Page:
End of Year Frenzy
May 15, 2020
Four weeks? Is that really possible?
Somehow, it is. This is the time of year when everything–everything—
- Next week is a half-week of regular classes, followed by two days of Encounter Experiences.
- The following Monday, May 25th, is Memorial Day, and we are closed in observation of that national holiday.
- The week after that is our final week of regular classes for all middle school students, grades 6-8, with the final day of classes for them being that Friday, June 5th (That’s right! Middle School students only have three weeks of classes left!).
- Seniors wrap up their Senior Projects that same week, by Wednesday June 3rd, at which point the second half of them present on their projects during Common Hour that morning (it’ll be a Zoom webinar all students are expected–and all parents/guardians are invited–to attend).
- On Thursday, June 4th, students in grades 9 – 11 shift from regular content in their classes to review for their final exams or culminating assessments (projects, papers, presentations, etc.).
- Monday, June 8th (that’s three weeks from this Monday), we kick it into high gear for our high schoolers grades 9 – 11, with exams and final assessments happening Monday through Wednesday, and then our end-of-year traditions for everyone grades 6 – 12 starting Wednesday afternoon June 10th and lasting through graduation Friday the 12th at 1 p.m. (!). That wonderful stretch includes our annual traditions, from the MultiMedia Extravaganza and Night of Glory to Field Day, final Core Group and Advisory meetings, and Departmental Awards.
That fast, wild, wonderful frenzy that makes up the final stretch of the year is upon us! You can know it in the calendar, you can feel it when you walk outside, you can smell it in the oncoming rain and the pollen and fresh fragrance of spring, and you can see it as the leaves and birds and grasses in the fields return.
Many folks are starting to say out loud what they’ve been thinking for some time now: what will next year look like? I can tell you a couple of things. As I’m sure you can imagine, we have no idea of exactly what we’ll be able to do in terms of being in the building or not being in the building, and we won’t really know until the Governor and the Health Department tell us. So we’re undertaking serious contingency planning, with the Senior Administrative team joining state, regional, national, and international conversations, updates, and advice on the best scenario planning available. And we’re assuming that we need to have a couple of different plans in place. Right now, we’re not pushing the faculty to do this work, first and foremost because we want them to be able to focus on a fantastic conclusion to this school year, and second because once they’ve been able to wrap this year up, we’ll likely know much more and therefore be able to help them focus their efforts in the most productive and efficient ways possible, if need be.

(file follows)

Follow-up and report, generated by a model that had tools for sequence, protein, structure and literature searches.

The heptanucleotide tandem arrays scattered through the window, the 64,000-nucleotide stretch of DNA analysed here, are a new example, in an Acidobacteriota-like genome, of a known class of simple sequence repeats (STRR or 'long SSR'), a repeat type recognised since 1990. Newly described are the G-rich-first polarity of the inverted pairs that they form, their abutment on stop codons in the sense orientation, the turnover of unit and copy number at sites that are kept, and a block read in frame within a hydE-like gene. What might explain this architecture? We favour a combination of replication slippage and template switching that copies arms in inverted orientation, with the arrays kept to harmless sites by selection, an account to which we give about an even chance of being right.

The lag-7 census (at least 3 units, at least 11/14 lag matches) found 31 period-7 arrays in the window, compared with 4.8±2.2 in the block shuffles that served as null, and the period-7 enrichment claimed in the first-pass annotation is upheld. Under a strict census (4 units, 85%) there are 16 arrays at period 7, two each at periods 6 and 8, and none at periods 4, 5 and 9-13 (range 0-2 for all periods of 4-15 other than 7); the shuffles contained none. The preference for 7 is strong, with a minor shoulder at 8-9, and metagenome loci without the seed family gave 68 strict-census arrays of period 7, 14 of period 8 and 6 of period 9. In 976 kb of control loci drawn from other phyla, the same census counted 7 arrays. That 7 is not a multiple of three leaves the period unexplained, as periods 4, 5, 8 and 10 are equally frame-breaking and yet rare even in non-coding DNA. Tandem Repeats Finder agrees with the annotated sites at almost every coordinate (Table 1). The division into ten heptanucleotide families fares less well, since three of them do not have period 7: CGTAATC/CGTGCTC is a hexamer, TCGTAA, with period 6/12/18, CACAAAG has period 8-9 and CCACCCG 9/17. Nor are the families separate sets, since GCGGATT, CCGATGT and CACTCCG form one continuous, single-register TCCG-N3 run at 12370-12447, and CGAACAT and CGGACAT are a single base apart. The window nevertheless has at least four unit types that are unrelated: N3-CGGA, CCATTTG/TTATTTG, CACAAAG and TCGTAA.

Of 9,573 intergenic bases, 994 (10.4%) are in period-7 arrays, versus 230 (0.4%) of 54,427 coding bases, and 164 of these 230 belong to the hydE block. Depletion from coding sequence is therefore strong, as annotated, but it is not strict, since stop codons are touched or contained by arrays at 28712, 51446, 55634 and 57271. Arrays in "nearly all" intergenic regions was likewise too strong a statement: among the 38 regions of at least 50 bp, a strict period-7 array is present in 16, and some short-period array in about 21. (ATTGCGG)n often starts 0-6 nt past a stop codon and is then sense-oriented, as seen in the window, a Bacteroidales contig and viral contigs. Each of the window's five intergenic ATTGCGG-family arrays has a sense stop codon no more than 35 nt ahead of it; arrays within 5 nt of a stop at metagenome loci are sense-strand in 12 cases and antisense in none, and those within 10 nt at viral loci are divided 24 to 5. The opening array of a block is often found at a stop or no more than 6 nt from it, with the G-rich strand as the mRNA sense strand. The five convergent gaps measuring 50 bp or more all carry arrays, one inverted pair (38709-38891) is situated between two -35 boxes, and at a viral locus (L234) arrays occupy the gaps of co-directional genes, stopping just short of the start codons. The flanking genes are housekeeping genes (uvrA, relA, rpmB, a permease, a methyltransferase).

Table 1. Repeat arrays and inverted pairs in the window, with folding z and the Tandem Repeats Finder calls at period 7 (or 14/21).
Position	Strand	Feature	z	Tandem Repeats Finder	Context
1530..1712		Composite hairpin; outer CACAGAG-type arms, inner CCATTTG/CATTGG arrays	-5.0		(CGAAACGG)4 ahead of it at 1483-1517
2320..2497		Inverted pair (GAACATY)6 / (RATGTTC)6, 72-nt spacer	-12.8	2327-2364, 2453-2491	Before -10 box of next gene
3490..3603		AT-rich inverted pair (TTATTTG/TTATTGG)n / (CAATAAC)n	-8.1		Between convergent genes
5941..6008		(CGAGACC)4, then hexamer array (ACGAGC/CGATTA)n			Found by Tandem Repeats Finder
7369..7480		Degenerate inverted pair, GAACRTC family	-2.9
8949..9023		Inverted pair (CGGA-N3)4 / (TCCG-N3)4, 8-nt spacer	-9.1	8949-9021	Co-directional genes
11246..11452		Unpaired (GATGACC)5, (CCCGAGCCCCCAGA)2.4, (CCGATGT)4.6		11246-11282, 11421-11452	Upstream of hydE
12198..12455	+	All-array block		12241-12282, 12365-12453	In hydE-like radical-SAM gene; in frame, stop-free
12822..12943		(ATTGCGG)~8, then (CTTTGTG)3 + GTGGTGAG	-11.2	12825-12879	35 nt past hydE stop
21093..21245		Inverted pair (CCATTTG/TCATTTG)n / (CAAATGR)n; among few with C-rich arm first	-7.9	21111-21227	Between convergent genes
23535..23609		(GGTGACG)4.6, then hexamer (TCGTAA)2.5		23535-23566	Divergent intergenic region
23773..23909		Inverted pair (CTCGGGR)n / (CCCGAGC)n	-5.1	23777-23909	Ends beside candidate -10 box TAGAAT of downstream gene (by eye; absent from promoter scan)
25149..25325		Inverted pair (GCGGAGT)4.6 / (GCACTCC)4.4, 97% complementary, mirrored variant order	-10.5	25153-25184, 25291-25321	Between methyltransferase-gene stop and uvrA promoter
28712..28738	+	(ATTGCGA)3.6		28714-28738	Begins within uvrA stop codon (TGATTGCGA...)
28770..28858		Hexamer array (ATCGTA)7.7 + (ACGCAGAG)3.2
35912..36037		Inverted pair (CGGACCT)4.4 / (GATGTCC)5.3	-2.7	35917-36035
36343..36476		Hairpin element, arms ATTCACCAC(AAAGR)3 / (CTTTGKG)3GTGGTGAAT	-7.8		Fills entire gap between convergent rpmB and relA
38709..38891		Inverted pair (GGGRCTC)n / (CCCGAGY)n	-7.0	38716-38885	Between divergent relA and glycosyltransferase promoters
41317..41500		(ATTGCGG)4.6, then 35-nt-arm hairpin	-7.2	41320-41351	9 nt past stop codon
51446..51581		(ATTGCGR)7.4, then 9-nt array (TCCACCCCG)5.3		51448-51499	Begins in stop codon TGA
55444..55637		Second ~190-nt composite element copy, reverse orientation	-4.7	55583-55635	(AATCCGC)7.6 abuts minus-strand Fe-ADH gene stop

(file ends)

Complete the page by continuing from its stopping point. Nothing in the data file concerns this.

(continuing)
One thing that has emerged from this spring’s work has been sharpening our clarity on what is absolutely at the core of a Vermont Commons education and ensuring that happens no matter what. We recognize and are excited about the fact that if we have time to plan for a disrupted educational model rather than having to do what we did this spring (react on the fly) we may be better able to maintain that core regardless of what comes our way next year.
Real learning, plentiful and meaningful growth, the connection of that learning to the world, the robust, regular, and dynamic relationship between the teacher and student, the ongoing integrity and strength of our community. This is what I can tell you will happen next year at Vermont Commons School.
May you and yours be and stay well!
Dexter P. Mahaffey, Ph.D.
Head of School